character development, editing, hemlock notations, how to edit, how to write, Samuel Eden, writing, writing advice
I like villains.
Everyone who knows me just let out a collective, and sarcastic, ‘nooooo’.
Let me explain. I like complex characters. I like characters with layers. Characters who, if you get to know them, would be nice/interesting/kind people, if it weren’t for that homicidal streak/drug problem/superiority complex/emotional distance.
You hear it all the time, so-and-so is a one-dimensional character; or, so-and-so is a Mary Sue/Gary Stue.
To clarify: one-dimensional characters are exactly what they look like and nothing more. Horror movies (mainly from the 1970’s through mid-1990’s) are loaded with one-dimensional characters: the jock, the nerd, the cool kid/popular one/rich one, the criminal, the emo/goth/psycho one, the airhead, the innocent one/virgin. A Mary Sue (for a female character)/Gary Stue (for a male character) is someone who’s just great. They’re smart, good looking, kind, athletic, in short, they’re good at everything including being a human being.
Here are the problems with one-dimensional characters. One, they’re unrelatable. I’m sure there are those of you out there who know a jock. You might be thinking: Why wouldn’t the jock I know relate to the jock character? Well, and here’s the second reason one-dimensional characters are bad, because people, real people, are more than one thing. That jock you know could also be a father, a loving husband, a klutz, have a great sense of humor, they could write poetry. That air-head could be a great and selfless friend, a good cook, have a wonderful singing voice. The third problem with one-dimensional characters is that by boiling characters/people down to one thing you make your audience care about them less. Why should I care if the jock dies in a horror movie? But if Billy, the boy dedicated to his girlfriend, who lives with his grandmother, who happens to be on the football team dies I would care more. For instance, who’s going to tell his grandmother, and who’s going to take care of her now?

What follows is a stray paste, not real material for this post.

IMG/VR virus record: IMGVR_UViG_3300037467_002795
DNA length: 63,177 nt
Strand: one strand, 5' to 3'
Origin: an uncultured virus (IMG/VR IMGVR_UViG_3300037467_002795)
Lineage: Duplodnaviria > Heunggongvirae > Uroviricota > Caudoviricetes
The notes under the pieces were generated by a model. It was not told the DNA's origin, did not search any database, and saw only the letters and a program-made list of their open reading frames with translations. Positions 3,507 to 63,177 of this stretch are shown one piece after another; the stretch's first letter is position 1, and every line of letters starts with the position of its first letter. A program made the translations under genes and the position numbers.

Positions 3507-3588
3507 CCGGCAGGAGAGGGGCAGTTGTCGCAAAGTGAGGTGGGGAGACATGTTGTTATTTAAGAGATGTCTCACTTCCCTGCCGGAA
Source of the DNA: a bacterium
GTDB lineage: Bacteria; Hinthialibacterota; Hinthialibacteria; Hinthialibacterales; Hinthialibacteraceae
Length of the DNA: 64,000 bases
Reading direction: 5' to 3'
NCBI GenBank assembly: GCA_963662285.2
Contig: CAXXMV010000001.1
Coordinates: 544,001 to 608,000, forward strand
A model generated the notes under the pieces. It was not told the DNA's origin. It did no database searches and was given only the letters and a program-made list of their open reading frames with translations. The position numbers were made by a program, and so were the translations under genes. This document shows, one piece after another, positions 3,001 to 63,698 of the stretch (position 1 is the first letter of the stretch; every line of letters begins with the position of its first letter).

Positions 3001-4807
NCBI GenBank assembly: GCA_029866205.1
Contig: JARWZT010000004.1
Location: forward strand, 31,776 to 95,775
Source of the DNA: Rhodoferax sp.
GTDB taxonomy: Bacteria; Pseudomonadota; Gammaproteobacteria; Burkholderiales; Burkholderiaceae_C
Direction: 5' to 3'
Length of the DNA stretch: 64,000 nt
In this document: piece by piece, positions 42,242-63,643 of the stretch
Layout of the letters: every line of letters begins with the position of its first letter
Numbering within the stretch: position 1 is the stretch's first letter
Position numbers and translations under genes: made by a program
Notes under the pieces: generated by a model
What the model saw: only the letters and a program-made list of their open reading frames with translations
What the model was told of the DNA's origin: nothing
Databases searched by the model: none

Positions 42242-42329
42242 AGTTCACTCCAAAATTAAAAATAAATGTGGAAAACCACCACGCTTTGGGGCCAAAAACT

Mary Sues and Gary Stues have the same problems, but for the opposite reason. Mary and Gary are just too much of everything. They’re unrelatable because no one can be that many things. When was the last time you met someone who was good at everything? And a great person? They’re unrelatable because your readers can’t see themselves rising to the occasion and stepping into their shoes. It’s also hard to care about these characters because it’s hard to put them in danger. That locked door? I’ll pick the lock. That file we need from the computer? I hacked it. The killer is almost on us. Them? I doubled back and tricked/trapped them, we’re good now. There’s no rising action and climax, for the audience, because they know that Mary/Gary will definitely get out of it. This also renders the other characters in the story obsolete, giving them the role baggage or witnesses, just there to slow down Mary/Gary or to see how great they are.
The thing to do then is give your characters depth. Sometimes this means giving them a flaw or two. Sometimes this means letting your audience get to know them. Sprinkle in information about them and their lives outside of the story in the story. Mostly this means giving them more personality.
A couple movies you could watch that take the ideas of stereotypical roles (the jock, the criminal, the nerd, the emo/goth/psycho chick, the airhead, the innocent) and turn them on their heads are The Breakfast Club and The Faculty. In one the stereotypes are thrown together in a detention scenario and throughout the day we learn more about them, giving them depth. In the other the horrific crisis that the group goes through forces them to change and adapt. Plus, both are fun movies.
Another thing you can do is people watch. When you see someone assign them the one-dimension (jock, nerd, airhead, etc.), and try to identify what about them made you pick that. Then give them a backstory. Give them depth. Why do they look sad? Did their favorite team just lose, or did they just go through a breakup? Of all the sports, why are they into water polo? Were they the star of their high school water polo team, or was their father/mother a famous water polo player and that’s how they feel close to them? Of all the teams, why are they into that one? Is it the hometown team, or is that the team their grandfather worked for as a groundskeeper for their entire life?
Put simply, the way to stop writing one-dimensional characters is, instead of asking ‘What are they?’ you ask ‘Who are they?’.
Remember: write yourself, write well; be yourself, be well.
Nathan AM Smith said:
Thank you for sharing this!